“Worry is the misuse of imagination.”
Dan Zadra

Worry is a lasting preoccupation about something that has already happened in the past, or about something that we fear will happen in the future. Worry never deals in the present.

Worry can be powerful and persistent. It can run our life.

Somehow, we tend to believe that worry is actually virtuous – that I am not a good parent unless I worry about my children, that I am being irresponsible if I am not worrying about my business.

Worry is a pattern of thoughts, a certain habit of thoughts. It is a type of thinking that makes us feel as if we were reliving a past event or living out a future one. We may feel that we cannot stop those thoughts from occurring. They are characterized by the phrases “If only…” and “What if…”

  • “If only…” thoughts are always about an unhappy event that we wish it had not happened.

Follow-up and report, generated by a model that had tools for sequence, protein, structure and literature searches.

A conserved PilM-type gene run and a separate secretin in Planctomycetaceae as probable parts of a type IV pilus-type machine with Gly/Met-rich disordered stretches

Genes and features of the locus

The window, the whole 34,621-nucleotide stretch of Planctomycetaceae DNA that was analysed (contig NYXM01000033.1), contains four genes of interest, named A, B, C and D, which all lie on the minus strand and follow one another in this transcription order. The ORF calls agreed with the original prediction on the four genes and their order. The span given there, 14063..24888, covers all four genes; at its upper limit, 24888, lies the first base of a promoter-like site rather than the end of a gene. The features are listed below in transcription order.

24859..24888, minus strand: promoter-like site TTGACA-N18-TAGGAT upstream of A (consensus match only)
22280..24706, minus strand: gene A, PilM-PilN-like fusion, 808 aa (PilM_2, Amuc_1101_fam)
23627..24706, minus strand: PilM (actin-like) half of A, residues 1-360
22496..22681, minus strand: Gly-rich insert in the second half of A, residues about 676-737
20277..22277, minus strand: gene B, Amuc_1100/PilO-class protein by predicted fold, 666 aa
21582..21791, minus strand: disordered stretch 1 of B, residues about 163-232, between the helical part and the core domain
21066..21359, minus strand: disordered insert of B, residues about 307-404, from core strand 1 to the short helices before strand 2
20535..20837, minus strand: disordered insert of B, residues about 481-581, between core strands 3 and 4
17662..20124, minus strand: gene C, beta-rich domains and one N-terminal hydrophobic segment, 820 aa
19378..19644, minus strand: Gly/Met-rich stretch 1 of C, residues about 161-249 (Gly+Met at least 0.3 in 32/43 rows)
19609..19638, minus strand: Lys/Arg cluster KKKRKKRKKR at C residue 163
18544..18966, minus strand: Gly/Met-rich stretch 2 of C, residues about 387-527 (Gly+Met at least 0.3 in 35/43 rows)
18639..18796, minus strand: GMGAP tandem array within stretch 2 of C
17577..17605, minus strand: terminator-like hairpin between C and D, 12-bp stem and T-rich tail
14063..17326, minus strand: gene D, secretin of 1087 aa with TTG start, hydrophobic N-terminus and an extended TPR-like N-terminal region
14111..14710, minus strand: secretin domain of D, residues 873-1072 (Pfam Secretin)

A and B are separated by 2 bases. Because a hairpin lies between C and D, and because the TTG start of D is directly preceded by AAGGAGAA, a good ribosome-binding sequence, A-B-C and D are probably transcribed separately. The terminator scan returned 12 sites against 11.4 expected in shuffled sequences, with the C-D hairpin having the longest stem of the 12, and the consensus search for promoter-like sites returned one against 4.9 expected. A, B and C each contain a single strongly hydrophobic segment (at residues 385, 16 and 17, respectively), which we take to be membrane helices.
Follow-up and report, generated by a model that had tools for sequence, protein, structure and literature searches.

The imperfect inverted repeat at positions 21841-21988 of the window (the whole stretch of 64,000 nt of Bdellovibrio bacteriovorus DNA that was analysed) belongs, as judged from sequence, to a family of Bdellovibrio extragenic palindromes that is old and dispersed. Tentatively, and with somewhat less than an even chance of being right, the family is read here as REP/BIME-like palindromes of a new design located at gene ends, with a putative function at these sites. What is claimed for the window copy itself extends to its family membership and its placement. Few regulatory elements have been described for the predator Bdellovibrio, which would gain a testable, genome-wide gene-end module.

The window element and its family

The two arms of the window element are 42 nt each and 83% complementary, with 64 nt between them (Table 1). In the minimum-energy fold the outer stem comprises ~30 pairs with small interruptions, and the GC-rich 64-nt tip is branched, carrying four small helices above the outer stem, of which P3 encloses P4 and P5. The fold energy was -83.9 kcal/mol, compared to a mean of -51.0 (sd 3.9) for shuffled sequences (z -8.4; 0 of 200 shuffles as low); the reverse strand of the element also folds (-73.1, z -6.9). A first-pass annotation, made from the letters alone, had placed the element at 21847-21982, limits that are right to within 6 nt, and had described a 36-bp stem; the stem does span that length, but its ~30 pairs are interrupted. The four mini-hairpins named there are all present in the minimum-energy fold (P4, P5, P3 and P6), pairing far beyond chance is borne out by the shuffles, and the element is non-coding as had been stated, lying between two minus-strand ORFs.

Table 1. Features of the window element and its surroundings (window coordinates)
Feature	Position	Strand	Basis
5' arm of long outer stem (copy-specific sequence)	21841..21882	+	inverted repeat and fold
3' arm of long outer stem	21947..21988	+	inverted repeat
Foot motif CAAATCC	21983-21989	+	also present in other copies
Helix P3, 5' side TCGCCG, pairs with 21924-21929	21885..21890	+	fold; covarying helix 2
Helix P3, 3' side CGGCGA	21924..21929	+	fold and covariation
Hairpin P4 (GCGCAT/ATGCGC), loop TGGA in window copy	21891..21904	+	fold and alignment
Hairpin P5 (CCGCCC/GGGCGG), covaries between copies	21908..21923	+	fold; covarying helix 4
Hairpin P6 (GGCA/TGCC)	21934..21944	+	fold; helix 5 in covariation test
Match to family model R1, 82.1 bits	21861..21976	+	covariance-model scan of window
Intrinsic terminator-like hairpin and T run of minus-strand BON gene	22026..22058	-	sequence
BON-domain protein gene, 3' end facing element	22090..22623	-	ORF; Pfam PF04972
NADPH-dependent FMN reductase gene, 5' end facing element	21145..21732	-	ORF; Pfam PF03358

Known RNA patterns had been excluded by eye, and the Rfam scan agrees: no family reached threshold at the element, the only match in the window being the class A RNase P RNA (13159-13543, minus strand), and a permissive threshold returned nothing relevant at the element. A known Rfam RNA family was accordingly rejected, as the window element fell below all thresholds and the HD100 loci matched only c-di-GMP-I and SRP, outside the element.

The event has left us with an unresolved emotional feeling and our mind continues to try to resolve it, trying to figure out what went wrong and how to fix it. Unfortunately, in many cases, because the event has already happened, nothing can be done. We cannot go back into the past and have the event turn out differently.
  • “What if.. ” thoughts are about the future events, about the possible bad things that could happen:
    • ‘What if I get ill?”
    • “What if I lose my job?”
    • “What if I make a mistake?”

    Each of these thoughts is about a possible future event. Such thoughts can make us depressed or anxious, no matter how unlikely it is that such an event will actually happen.

Most of things we worry about are things over which we have little or no control. Agonizing about what happened or about what might occur, and about things we cannot control gives our power away.

Worrying is a habit, but like any habit, it can be broken.